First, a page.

Drury has found plot size makes a critical difference. "I used to think I wanted to be able to kill a deer as soon as it walked into the plot," he said. "But I learned those small plots had three disadvantages. First, the deer were stressed socially because they were feeding close together, and some bucks just don't like that. Second, small plots make for short visits, and I found deer just weren't sticking there very long and giving me shot opportunities, especially if other deer were feeding. Finally, more deer were busting me on small plots because it was just too easy to smell or see me. Now I build them about 100 yards long by 60 yards across, and that seems to be about right for a hunting-style plot."
Finally, Drury stresses, understanding how wind behaves during a variety of conditions is essential to hunting small plots well. "Wind currents vary drastically from early season to mid- and late season," he said. "I'm always thinking a year ahead when it comes to new plot construction, so I visit a spot when there are no leaves on the trees and observe how the wind behaves, then I return during summer, when the foliage will mirror what you find during early bow season. Nailing down the right winds to hunt— or not hunt—a plot is critical."
DR. GRANT WOODS
It would take an extensive search to find a man who's a better blend for a deer expert than Dr. Grant Woods. One of the country's most recognized biologists, Woods is also a widely traveled habitat consultant/land manager and, when he's not working, is a passionate and successful hunter. Woods has probably sown more food plot seed than anyone, and even he admits: "As an industry, we've been planting food plots for a long time. But actually hunting over them well is still in its infant stages. Killing a deer in or near a food plot can have a lasting effect. All deer have memories, and old deer have even better memories."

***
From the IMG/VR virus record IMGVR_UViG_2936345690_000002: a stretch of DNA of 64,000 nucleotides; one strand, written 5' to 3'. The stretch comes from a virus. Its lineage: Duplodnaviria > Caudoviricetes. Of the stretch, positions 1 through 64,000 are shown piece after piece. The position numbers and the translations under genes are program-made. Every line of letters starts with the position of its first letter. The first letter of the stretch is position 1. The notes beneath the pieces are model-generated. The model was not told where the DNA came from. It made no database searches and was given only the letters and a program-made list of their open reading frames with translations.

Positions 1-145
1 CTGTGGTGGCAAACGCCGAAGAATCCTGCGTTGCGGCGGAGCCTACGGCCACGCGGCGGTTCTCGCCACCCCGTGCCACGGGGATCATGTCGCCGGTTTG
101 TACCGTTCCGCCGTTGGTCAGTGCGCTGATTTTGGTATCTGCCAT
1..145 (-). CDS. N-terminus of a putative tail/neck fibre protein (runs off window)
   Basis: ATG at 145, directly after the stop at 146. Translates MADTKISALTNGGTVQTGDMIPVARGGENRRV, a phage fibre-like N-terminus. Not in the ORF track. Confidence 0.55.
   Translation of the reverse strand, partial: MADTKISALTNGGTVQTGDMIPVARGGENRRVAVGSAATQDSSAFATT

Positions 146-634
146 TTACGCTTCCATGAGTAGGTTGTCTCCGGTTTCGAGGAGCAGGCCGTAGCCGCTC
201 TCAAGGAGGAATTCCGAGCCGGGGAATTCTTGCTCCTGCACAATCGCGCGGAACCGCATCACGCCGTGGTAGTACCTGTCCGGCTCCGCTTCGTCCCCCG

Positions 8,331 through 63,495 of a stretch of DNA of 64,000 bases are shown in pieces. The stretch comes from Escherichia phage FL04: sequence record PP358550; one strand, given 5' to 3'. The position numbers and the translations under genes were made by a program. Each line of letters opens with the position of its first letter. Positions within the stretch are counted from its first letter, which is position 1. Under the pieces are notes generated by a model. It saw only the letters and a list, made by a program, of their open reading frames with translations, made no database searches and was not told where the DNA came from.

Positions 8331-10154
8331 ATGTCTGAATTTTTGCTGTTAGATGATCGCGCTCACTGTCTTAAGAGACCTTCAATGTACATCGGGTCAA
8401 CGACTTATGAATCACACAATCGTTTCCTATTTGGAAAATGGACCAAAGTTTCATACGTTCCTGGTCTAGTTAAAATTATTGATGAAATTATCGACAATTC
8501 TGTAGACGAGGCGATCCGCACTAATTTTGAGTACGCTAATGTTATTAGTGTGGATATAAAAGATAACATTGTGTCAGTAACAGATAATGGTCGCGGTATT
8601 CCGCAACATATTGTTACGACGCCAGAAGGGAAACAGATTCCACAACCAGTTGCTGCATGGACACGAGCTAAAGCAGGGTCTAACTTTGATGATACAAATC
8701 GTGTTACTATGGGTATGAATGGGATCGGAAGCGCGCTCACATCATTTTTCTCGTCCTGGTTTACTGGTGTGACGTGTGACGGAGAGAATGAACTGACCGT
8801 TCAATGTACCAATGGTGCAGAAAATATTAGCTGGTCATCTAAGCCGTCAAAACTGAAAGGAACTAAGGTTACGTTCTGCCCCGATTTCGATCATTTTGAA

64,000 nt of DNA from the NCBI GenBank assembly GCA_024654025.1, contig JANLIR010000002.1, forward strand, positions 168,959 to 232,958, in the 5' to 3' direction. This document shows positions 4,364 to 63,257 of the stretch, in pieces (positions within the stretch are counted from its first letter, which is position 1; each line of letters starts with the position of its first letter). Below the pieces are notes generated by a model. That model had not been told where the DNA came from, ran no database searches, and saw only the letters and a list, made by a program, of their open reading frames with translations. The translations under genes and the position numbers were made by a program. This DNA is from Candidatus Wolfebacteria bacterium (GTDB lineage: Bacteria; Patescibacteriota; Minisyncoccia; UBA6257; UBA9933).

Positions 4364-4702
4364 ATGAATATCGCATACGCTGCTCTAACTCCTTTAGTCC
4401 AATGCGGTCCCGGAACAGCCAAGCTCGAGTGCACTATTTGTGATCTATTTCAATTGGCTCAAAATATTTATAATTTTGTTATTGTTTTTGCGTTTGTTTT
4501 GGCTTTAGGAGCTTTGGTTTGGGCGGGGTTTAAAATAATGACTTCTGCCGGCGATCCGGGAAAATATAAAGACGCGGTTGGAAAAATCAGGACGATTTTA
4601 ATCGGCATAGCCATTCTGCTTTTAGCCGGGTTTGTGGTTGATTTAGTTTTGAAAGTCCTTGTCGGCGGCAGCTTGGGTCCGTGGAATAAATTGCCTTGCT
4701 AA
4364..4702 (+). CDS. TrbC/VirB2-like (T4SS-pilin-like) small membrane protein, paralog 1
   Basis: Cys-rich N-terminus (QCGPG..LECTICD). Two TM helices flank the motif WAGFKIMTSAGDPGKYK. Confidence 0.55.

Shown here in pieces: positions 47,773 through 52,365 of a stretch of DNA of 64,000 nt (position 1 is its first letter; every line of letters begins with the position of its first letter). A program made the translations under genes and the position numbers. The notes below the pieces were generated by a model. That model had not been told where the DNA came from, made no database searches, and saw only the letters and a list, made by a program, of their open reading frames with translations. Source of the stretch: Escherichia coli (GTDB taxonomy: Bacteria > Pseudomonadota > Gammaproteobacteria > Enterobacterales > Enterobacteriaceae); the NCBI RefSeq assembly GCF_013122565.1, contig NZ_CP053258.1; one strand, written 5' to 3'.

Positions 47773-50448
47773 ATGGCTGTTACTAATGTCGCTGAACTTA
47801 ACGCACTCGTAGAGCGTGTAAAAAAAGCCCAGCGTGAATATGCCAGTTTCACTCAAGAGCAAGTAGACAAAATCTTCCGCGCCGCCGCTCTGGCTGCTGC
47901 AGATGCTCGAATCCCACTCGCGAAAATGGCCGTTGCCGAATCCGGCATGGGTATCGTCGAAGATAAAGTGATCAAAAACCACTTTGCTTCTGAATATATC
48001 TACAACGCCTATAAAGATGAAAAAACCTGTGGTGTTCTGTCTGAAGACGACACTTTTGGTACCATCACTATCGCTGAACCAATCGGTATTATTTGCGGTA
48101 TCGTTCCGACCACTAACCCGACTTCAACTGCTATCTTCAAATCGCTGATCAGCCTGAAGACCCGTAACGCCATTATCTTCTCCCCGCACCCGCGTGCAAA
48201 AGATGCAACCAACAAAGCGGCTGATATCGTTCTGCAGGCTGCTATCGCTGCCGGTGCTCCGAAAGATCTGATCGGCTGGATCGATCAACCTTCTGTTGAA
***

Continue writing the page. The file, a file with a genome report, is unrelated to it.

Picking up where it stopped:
Consequently, Woods does everything in his power to keep human intrusion near food plots minimal. "One of the most critical things is to simply not hunt the plot until you know it's being used heavily by deer," he said. "I like to place exclusion cages that tell me what plant growth would be without deer feeding, and once I notice a distinct difference, it's time to hunt. How you go about this is important. Ideally, I like to be dropped off and picked up by someone driving a vehicle or an ATV, so deer don't see me getting out of a stand or blind. I'm also careful to set my stand where the wind is almost perfect for a buck and almost bad for me; some jog in the trail that forces him to walk cross- or downwind for a few minutes and he's vulnerable to me. It's important to remember that prior to the rut, a mature buck will rarely place himself in a spot where he's at a total disadvantage. Finally, when I have the option, I like to hunt slightly off the plot instead of hanging right on it."
Despite his experience and expertise, Woods likes to keep his "hidey-hole" food plots simple. "I rarely do anything fancy when I'm setting up a hunting plot," he said. "I plant them 3-4 weeks before bow season, and they're rarely larger than ¾-acres. I haul in a bag of lime, a bag of fertilizer and some simple seed—oats, rye or a fall mix— get it in the dirt, then stick in a utilization cage. I might hunt that plot only once or twice all season. But when I do, I expect to kill something there."